Unpublished Dispositionquirrino Marinucci, Petitioner v. Consolidation Coal Company, Respondentdirector, Office of Workers' Compensation Programs,party-in-interest-respondent, 787 F.2d 591 (6th Cir. 1986)Annotate this Case
REVERSED IN PART, GRANTED IN PART AND REMANDED
ON PETITION FOR REVIEW OF A DECISION AND ORDER OF THE BENEFITS REVIEW BOARD
Before: MARTIN and KRUPANSKY, Circuit Judges; and CHURCHILL,* District Judge.
Quirrino Marinucci petitions for review of a denial of black lung benefits. An administrative law judge awarded him benefits for pneumoconiosis under the Black Lung Benefits Act. The Benefits Review Board reversed. The Director of the Office of Workers' Compensation Programs and the Consolidation Coal Company, Marinucci's employer, oppose his petition.
Relying upon the medical reports of Dr. Greene and Dr. Strimlan, the administrative law judge invoked the interim presumption pursuant to 20 C.F.R. Secs. 727.203(a) (1) and (a) (3) and awarded benefits to Marinucci. She rejected the employer's contention that it had introduced sufficient medical evidence to rebut the presumption of disability pursuant to 20 C.F.R. Sec. 727.203(b) (3), which requires 'evidence establish [ing] that the disability of the miner did not arise in whole or part out of coal mine employment.' 20 C.F.R. Sec. 727.203(b) (3) (1984). In support of its assertion, the employer argued that the report of Dr. Strimlan established that Marinucci's condition was not related to his years of coal mine employment. The administrative law judge, however, assigned 'very little weight' to Dr. Strimlan's opinion. She found Dr. Strimlan's opinion to be internally inconsistent because he stated Marinucci has x-ray evidence of pneumoconiosis (a 10 to 20% respiratory impairment), but concluded that Marinucci's pneumoconiosis causes little or no impairment. She also found that Dr. Strimlan's opinion was contrary to the purpose of the Act.
Following the administrative law judge's decision, respondents appealed to the Benefits Review Board. The Board reversed on the grounds that the administrative law judge's conclusion, that Dr. Strimlan's report was contrary to the Act and internally inconsistent, was in error, and that his report was uncontradicted. Marinucci now contends that the presumption was never sufficiently rebutted and we agree.
In Gibas v. Saginaw Mining Co., 748 F.2d 1112, 1120 (6th Cir. 1984), cert. denied, 105 S. Ct. 2357 (1985), we stated:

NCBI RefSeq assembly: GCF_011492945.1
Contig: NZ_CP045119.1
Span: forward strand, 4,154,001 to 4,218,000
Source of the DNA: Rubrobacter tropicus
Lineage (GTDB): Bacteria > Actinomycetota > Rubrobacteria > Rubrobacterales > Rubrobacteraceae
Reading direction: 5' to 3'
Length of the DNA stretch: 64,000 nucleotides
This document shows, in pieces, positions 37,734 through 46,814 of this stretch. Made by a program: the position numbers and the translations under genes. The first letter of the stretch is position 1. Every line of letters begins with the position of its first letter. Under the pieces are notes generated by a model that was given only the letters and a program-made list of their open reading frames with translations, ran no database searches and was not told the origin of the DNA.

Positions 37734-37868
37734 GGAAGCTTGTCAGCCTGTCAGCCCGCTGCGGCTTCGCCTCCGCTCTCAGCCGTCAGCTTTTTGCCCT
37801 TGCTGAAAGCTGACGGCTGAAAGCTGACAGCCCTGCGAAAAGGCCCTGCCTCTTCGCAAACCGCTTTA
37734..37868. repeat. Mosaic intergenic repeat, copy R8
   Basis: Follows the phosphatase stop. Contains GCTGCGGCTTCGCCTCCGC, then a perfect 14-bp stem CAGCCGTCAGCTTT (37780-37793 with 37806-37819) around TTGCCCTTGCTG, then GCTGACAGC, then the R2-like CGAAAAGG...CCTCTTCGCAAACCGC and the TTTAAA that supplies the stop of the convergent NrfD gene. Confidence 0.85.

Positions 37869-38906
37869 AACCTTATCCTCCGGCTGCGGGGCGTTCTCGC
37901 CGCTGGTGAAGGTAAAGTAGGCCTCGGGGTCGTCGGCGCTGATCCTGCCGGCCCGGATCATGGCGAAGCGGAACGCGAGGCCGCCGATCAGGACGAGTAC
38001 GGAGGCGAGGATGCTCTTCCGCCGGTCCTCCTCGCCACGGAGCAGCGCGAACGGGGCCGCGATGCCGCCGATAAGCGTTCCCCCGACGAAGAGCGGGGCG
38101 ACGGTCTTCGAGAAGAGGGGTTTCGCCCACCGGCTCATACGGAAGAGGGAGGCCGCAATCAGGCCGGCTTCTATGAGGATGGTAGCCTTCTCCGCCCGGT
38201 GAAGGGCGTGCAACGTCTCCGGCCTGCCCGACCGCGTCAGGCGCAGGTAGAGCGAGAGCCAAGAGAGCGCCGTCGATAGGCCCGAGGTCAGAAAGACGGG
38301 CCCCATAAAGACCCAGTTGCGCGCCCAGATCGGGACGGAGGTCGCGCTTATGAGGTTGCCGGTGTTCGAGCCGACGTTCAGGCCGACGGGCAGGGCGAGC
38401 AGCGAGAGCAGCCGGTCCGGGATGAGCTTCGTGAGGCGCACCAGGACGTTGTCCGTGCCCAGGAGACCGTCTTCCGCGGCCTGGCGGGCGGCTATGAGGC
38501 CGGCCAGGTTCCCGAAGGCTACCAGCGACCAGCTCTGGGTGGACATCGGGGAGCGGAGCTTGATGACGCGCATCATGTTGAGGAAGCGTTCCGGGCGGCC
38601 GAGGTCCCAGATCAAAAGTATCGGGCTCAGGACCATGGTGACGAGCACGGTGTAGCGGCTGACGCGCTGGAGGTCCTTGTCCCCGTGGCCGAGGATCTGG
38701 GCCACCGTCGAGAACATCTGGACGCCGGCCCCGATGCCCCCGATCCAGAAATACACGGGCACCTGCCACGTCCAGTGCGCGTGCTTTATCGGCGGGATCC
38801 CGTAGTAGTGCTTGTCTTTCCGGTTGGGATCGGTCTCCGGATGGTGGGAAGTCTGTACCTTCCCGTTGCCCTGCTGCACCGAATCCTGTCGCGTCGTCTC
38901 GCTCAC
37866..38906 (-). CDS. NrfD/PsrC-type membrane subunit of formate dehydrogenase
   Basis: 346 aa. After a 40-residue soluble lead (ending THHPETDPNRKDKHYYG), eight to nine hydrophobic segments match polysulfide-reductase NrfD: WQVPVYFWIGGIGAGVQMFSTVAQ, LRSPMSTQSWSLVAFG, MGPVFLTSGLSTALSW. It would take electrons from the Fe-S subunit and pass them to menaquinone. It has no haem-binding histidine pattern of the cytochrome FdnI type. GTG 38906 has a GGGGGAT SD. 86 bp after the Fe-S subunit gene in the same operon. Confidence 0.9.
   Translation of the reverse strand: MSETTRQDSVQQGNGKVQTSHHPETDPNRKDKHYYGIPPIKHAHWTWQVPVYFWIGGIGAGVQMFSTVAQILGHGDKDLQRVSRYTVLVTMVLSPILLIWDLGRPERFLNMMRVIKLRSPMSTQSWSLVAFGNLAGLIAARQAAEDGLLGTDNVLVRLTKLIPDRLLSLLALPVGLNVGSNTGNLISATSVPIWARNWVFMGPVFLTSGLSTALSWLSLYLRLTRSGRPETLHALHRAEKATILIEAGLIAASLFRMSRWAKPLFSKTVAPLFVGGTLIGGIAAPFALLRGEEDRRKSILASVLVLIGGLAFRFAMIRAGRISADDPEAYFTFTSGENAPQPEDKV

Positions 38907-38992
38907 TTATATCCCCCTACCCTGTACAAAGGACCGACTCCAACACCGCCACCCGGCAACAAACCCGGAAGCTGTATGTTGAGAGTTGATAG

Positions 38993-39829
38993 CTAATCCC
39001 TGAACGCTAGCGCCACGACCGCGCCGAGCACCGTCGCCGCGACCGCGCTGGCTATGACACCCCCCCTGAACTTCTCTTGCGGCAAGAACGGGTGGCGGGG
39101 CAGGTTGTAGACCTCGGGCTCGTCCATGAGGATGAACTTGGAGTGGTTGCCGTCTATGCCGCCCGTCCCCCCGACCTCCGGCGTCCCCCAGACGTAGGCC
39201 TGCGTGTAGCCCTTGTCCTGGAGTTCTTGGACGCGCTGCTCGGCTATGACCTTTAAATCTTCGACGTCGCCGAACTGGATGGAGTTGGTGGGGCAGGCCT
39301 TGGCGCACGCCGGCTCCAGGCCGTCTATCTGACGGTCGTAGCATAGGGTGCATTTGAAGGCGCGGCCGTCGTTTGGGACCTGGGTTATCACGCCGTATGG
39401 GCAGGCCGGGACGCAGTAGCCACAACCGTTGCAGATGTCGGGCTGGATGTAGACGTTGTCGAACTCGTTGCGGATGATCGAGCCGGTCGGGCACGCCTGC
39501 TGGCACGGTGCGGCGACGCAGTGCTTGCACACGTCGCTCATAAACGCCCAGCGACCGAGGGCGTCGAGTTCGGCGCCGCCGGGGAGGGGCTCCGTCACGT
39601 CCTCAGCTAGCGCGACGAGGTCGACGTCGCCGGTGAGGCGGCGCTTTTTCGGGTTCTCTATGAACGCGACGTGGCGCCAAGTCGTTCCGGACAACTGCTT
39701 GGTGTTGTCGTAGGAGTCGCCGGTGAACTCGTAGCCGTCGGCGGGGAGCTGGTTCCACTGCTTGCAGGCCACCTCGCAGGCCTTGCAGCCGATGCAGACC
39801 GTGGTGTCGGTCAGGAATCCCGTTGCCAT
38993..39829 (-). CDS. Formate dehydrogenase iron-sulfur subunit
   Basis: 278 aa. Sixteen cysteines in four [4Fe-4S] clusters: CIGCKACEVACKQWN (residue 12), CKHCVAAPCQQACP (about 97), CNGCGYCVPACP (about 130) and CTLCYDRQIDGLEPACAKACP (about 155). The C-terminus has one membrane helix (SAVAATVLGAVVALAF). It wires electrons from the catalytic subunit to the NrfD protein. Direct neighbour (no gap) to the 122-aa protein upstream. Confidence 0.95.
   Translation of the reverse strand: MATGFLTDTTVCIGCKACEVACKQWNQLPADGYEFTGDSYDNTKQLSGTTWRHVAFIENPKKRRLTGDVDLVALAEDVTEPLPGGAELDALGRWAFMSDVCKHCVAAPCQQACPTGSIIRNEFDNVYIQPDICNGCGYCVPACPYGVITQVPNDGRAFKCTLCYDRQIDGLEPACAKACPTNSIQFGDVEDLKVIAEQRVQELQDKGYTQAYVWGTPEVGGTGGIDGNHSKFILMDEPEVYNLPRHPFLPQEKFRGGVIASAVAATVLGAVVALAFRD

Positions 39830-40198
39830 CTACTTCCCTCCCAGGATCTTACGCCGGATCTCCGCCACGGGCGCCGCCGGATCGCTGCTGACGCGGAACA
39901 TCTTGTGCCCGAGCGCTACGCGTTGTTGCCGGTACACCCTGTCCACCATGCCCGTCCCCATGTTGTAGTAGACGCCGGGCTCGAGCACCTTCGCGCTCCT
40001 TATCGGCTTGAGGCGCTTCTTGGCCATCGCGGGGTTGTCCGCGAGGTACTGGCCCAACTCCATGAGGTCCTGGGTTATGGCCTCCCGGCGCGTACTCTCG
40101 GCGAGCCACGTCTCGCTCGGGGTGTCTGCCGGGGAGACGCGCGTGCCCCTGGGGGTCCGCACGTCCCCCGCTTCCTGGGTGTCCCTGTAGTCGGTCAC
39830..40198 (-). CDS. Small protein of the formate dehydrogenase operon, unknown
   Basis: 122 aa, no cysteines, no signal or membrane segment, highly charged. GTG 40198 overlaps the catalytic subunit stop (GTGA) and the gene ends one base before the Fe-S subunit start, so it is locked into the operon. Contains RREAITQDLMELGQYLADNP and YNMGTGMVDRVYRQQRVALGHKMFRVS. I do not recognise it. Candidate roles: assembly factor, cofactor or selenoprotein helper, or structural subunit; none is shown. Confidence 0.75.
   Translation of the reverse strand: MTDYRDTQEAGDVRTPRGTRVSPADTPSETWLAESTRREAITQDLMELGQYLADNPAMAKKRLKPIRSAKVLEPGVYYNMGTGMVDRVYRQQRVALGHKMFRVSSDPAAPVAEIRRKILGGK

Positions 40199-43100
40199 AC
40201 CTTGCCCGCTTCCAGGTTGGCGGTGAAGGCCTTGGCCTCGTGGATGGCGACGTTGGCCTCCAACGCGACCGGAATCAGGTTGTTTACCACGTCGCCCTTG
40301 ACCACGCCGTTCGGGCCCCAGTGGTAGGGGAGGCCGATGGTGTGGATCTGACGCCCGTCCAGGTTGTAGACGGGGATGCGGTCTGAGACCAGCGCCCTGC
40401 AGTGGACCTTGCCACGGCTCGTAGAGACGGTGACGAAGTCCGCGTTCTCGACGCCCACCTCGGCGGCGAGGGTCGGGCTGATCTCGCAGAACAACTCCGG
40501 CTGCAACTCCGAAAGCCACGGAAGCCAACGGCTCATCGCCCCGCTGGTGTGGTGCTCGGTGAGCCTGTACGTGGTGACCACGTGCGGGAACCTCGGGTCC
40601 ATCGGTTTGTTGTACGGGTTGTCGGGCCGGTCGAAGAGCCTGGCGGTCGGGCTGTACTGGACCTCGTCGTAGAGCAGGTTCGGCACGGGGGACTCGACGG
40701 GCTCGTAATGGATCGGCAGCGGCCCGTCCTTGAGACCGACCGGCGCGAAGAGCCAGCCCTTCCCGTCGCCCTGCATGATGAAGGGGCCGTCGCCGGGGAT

If an employer is able to prove that pneumoconiosis played no part in causing a miner's disability, then the employer has satisfied the requirements of section 727.203(b) (3). Where, however, pneumoconiosis is a contributing cause to a miner's total disability, he is conclusively entitled to benefits.
(citations omitted) (emphasis added). The record before us reveals that the administrative law judge considered all of respondent's evidence. She expressly acknowledged Dr. Strimlan's erroneous finding that Marinucci's respiratory impairment was primarily due to his chronic pulmonary disease caused by cigarette smoking. She also acknowledged his opinion that Marinucci's disability was not caused by pneumoconiosis. Nonetheless, the judge found persuasive evidence that Marinucci has pneumoconiosis, is disabled from shortness of breath and has been in coal mine employment for 35 years. In light of those facts, the judge found persuasive evidence that the presumption of section 727.203(a) had been invoked and respondents had failed to rebut that presumption. We find no error in these conclusions.
Additionally, respondents had the burden of proving that Marinucci was not totally disabled. See Gibas, 748 F.2d at 1120. The administrative law judge did not conclude that this burden had been met. A review of the record reveals substantial evidence to support this conclusion. Choosing between conflicting reasonable interpretations of the evidence is the province of the administrative law judge, not the Board. Miller v. Central Dispatch, Inc., 673 F.2d 773 (5th Cir. 1983). Therefore, the decision was free of factual or legal error.
The judgment of the Board is reversed; the petition for review is granted, and the case is remanded to the Board with instructions that benefits be awarded.
The Honorable James P. Churchill, United States District Judge for the Eastern District of Michigan, sitting by designation